Lesson 2: The EU now has a fiscal capacity and must decide on its future

The debate about a fiscal counterpart to the ECB’s common monetary policy is at least as old as the euro itself. Under the names of "fiscal capacity", "unemployment (re)insurance" or "eurozone budget", various models were discussed in the search for an instrument that would help cushion recessions in the EU and Eurozone alongside monetary policy. The only consensus was that the EU budget would not be able to fulfil this task due to its rigid structure.

The Recovery Instrument, in particular its centrepiece, the Recovery and Resilience Facility (RRF), has now settled the debate on the design of the fiscal capacity. It provides significant additional funding to member states for spending in a crisis. In its distribution, it takes into account the asymmetric effects of the common shock. It stabilises different countries to varying degrees. The fact that 13% of the funds are paid as advances underlines the importance that member states and the European Parliament have attributed to this stabilisation effect. The European Union has become a macroeconomic player.

Of course, the macroeconomic stabilisation effect of this instrument is much weaker than that of a quasi-laboratory-designed stabilisation instrument. However, the idea that EU member states would at some point agree on the most clinically precise instrument for the sole purpose of macroeconomic stabilisation was never particularly realistic. Historically, macroeconomic stabilisation - in Europe as in the US - has always been a by-product of public spending choices. This is what happened now in the case of the Recovery Instrument.

The implications of these observations for the reform agenda are twofold: first, the Recovery Instrument has decided the race between possible designs of a fiscal capacity in favour of a common spending vehicle, and against insurance-based solutions. Some may regret this outcome. But it would be delusional to assume that this step towards a common fiscal policy can now be wound down, while at the same time reviving the discussion on a fiscal capacity. The EU, and thus the Eurozone, now has its fiscal capacity; its specific structure will have long-lasting policy consequences.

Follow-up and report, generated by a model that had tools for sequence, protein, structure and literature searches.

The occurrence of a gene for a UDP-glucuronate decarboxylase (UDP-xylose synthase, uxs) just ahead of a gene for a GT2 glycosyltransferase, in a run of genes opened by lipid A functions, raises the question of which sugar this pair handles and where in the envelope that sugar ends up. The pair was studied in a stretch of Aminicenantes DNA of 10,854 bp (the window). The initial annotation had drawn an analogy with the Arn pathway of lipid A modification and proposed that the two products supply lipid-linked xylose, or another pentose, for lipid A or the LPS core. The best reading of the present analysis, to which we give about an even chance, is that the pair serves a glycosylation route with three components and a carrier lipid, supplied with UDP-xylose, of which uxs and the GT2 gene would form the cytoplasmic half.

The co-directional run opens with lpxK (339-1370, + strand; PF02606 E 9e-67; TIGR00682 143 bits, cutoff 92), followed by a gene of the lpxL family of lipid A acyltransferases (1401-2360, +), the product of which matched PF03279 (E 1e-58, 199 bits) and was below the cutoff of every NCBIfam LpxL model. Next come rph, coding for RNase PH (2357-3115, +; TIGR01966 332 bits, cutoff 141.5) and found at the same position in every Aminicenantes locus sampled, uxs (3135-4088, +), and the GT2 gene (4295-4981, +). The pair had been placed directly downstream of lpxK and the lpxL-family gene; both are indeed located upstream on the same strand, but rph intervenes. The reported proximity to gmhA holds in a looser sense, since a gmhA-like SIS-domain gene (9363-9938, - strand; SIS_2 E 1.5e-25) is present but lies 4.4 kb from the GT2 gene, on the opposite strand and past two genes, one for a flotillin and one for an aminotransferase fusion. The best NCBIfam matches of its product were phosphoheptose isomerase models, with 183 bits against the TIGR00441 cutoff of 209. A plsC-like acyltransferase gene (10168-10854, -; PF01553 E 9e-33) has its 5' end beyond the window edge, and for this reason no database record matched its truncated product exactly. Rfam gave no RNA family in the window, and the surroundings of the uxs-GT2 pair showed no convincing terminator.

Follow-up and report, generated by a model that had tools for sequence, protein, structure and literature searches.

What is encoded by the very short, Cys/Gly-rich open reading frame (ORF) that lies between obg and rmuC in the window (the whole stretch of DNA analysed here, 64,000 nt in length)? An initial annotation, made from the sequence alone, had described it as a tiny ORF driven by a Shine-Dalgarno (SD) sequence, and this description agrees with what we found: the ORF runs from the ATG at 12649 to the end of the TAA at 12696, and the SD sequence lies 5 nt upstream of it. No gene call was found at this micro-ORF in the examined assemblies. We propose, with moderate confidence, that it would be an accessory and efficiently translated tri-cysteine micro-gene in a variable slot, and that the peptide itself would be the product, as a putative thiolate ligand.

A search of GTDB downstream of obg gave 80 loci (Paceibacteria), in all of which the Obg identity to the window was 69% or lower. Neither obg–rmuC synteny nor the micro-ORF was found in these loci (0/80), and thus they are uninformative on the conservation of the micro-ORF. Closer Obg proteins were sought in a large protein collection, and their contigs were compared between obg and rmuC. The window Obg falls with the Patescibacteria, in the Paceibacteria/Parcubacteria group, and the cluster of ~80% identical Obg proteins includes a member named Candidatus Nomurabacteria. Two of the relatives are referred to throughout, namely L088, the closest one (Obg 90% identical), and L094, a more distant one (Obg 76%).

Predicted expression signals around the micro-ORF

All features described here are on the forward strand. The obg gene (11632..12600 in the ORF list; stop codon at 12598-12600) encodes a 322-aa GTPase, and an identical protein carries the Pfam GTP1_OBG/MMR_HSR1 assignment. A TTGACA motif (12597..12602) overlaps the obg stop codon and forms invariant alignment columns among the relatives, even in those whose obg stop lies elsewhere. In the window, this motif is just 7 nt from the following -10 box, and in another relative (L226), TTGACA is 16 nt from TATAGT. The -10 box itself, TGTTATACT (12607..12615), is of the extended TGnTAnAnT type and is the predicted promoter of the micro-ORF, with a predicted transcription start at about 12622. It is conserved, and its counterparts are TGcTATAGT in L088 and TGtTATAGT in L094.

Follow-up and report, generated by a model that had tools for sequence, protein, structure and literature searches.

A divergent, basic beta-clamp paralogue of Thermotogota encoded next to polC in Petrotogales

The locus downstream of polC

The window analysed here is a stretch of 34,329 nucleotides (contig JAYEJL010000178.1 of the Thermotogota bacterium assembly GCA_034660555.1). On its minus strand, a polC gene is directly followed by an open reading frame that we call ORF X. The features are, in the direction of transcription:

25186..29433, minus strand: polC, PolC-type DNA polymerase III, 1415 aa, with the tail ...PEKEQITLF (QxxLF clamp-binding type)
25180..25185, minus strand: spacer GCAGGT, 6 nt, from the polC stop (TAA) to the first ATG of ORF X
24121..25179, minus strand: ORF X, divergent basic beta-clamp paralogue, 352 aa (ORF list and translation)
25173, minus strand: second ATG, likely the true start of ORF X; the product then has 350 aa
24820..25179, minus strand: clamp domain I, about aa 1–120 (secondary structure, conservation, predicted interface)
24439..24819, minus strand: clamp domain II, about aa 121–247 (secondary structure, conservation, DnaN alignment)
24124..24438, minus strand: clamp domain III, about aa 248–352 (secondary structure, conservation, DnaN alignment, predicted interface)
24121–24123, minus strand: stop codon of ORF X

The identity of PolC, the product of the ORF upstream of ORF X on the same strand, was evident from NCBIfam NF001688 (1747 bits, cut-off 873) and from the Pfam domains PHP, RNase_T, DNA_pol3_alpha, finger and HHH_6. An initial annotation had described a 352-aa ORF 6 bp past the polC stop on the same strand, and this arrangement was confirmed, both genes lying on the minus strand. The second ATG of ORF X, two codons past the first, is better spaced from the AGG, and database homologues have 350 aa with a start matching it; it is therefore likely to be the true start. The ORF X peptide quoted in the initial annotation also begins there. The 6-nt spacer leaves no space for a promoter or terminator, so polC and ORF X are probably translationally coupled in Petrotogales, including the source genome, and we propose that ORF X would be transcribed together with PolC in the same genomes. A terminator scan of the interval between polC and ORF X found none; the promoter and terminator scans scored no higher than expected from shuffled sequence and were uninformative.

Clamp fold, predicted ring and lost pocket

This leads to a second implication: the fiscal capacity is conceived as a temporary measure, and will disappear without political action. A debate is now needed on whether, and under what conditions, the Recovery Instrument can be made permanent; which revenues it should be endowed with in the future; and which expenditures can be financed through it.

Another observation from the last year should guide our thinking here: the regular EU budget’s basic structures have once again proven difficult to reform. The interests of all member states are too strongly interwoven with the status quo of traditional spending programmes such as agricultural and structural policy. A decisive shift of expenditure from traditional to modern areas, such as R&D and climate change, was impossible to achieve. It seems even less politically plausible for the next multiannual financial framework, as an additional 15 billion euros per year will have to be found in the budget for the repayment of the RI loans. Against this backdrop, it seems that a modernisation of EU finances can most likely be achieved by making the Recovery Instrument permanent. In turn, a permanent instrument should then be used to finance joint investments in the future, for example to implement the Green Deal, and to stabilise member states particularly affected by crises.

Lesson 3: The European Semester is history

As a consequence of the euro crisis, the EU created the European Semester - a structured process to monitor and coordinate member states' fiscal and economic policies. The Semester, however, remained largely toothless. The country-specific recommendations (CSRs) addressed to the member states by the Commission and the Council were rarely heeded. The European Semester lacked the instruments, and member states lacked the political will to ensure a proper implementation of the recommendations. As a result, the process remained largely technocratic. Only the fiscal policy recommendations within the framework of the Stability and Growth Pact had some discernible effect.

The pandemic and the Recovery Instrument will, however, shake up the European Semester in two ways.